ordinary time The Sánchez Archives

Year B

Patricia Datchuck Sánchez

Beware the One Book Mentality

NUMBERS 11:25-29
JAMES 5:1-6
MARK 9:38-43, 45, 47-48

Thomas Aquinas once remarked, “Beware the man of one book!” Narrowness, intolerance or living life according to only one book or point of view is as much an injustice to the person so trapped as it is against others. To live in such a parochial atmosphere wherein reality is interpreted from only one frame of reference is to willingly forfeit the richness and fullness which plurality and diversity afford to the human experience. To hold suspect and unorthodox that which is different simply because it is different is to choose to live a diminished existence. . . But who would think like this? Who would opt to be so cut off from others? The following anonymous piece offers a profile of such a person:

“When the other person acts that way, he’s obnoxious;
When you do it, it’s nerves.
When she is set in her ways, she is obstinate;
When you are, it’s just being firm.
When he doesn’t like your friends, he’s prejudiced;
When you don’t like his, you are simply showing good judgment of human nature;
When she tries to be accommodating, she’s polishing the apple;
When you do it, you’re using tact;
When he takes time to do things, he’s plodding and slow;
When you take forever, you’re being deliberate and careful.
When she finds fault, she’s cranky;
When you do, you’re discriminating.”

Each of the readings for today’s liturgy invites the gathered assembly to shatter this profile and shake itself free of its “one book mentality” by becoming more aware and appreciative of the Spirit of God at work in others, even in those we least expect.

Moses’ contemporaries (Numbers) were disinclined to accept those who had not been blessed with the Spirit in what they had already determined as the “standard operating procedure.” It would appear that the human tendency toward institutionalizing the power and presence of God is quite ancient. But, Moses, as God’s mediator, helped “the people of one book” to understand that the divine gifts could not be limited, controlled or relegated to only certain people. “God does not ration the gift of the Spirit” (John 3:34).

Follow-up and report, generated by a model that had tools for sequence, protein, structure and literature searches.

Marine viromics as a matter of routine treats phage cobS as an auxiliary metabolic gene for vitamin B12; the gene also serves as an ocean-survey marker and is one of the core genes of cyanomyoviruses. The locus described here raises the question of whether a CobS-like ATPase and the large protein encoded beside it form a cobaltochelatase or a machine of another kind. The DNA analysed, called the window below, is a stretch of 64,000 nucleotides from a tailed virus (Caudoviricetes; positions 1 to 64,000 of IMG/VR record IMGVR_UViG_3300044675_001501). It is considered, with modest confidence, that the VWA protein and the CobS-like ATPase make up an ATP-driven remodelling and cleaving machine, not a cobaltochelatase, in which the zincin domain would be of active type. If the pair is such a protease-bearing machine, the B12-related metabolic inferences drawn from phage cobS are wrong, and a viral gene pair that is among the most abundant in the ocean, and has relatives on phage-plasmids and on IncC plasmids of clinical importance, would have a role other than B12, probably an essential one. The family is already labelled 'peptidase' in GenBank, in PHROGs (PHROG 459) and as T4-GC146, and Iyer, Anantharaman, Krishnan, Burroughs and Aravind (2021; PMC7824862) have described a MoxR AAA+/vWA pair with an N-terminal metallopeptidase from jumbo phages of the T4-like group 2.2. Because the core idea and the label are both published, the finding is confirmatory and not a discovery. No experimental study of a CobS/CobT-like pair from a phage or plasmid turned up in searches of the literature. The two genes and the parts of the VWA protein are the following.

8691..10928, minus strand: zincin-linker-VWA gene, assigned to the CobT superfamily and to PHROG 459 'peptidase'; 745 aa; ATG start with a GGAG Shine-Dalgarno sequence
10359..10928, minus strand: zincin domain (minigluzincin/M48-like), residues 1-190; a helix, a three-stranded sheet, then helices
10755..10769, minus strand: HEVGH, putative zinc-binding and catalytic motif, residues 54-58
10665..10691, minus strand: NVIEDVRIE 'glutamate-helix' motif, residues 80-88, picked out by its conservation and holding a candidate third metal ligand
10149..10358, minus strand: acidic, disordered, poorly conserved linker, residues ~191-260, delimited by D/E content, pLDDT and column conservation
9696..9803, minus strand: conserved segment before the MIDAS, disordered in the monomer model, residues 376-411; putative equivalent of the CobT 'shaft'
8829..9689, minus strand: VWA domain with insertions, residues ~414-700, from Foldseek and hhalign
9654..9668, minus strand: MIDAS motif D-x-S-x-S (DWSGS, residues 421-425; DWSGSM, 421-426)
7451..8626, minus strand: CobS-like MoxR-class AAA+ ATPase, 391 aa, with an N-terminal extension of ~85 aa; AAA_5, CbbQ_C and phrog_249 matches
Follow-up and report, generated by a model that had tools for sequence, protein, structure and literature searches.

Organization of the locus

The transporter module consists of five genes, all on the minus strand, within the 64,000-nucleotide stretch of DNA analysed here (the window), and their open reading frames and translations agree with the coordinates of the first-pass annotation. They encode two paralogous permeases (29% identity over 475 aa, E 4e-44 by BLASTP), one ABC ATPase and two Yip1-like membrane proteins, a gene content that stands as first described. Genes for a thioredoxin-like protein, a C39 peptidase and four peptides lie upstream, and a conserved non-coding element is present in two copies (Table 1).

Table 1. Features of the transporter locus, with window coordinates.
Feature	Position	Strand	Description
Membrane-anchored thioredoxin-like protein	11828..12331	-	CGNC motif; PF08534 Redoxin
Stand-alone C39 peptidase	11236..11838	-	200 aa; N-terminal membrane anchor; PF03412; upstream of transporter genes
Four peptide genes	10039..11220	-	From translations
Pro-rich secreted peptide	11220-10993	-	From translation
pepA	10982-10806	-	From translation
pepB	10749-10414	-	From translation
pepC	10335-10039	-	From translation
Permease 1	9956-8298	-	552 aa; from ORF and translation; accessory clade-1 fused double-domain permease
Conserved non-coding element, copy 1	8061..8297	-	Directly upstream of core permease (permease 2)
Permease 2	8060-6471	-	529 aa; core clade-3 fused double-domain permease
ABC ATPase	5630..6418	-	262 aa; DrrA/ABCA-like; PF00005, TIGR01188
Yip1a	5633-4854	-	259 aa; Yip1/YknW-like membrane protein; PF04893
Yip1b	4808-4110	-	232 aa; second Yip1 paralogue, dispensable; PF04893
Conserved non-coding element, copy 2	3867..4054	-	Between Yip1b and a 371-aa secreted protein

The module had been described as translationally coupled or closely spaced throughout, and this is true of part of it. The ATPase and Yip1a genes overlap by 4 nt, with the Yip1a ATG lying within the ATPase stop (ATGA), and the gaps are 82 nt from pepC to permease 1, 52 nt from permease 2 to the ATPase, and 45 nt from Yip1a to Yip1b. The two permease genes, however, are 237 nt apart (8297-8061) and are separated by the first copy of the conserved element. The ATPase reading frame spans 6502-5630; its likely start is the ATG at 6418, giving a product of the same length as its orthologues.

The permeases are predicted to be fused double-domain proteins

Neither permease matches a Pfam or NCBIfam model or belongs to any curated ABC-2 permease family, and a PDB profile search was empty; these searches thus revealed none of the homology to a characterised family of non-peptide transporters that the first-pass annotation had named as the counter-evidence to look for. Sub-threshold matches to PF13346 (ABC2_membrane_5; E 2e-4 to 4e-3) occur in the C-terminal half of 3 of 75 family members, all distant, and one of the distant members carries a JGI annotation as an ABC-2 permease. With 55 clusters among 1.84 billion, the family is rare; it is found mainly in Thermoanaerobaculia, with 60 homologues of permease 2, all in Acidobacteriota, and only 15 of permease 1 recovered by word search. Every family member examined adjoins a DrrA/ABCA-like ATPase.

When the disciples (Mark) were similarly disturbed by the fact that someone, who was not of their company (or book), was healing in Jesus’ name, they too were challenged to expand their horizons. Jesus’ saving ministry was not confined to certain people but was inclusive of all; so also, the call to minister to others in Jesus’ name was not limited to only 12 men or even to 72 men. Rather, the invitation to proclaim the good news of salvation, in both word and work, was extended to anyone who would hear and respond to it “in Jesus’ name.”

In today’s second reading, James confronts intolerance on another level. There were some members of the late first century Christian community whose “one book” or primary concern in life was for adding to the wealth they had already acquired. Out of an overriding interest in the goods of this world, the rich were withholding the just wages of the poor; James castigated them for their lack of care and concern those who “were not on the same page” as they were.

James understood that the demands of the gospel required that every disciple be willing to take the time to read the “books” of other people so as to respect and appreciate their circumstances and do what was necessary to improve them.

Today, the contemporary community of believers is challenged by Moses, Mark and James to do likewise.

NUMBERS 11:25-29

Anyone who has ever made a trip with young children has probably heard their share of comments and questions like these: “Mom, he won’t sit on his side of the car!” “I’m bored!” “Can we stop for a snack?” “I don’t want hamburgers; I want pizza.” “Dad, she’s looking at me!” “Are we there yet?!?” Interestingly enough, chapter 11 of the book of Numbers is replete with similar complaints from discontended travellers.

A variant version of the wilderness trek, the Numbers narrative details the Israelites grumbling about food; they longed for the fish, meat, cucumbers, melons, leeks, garlic and onions that they had had while enslaved in Egypt (vv. 4-5). Ungratefully, they griped that they were tired of the manna (vv. 6-9). The trip itself had become wearisome and Israel expressed its annoyance at having left Egypt in the first place (vv. 18-20).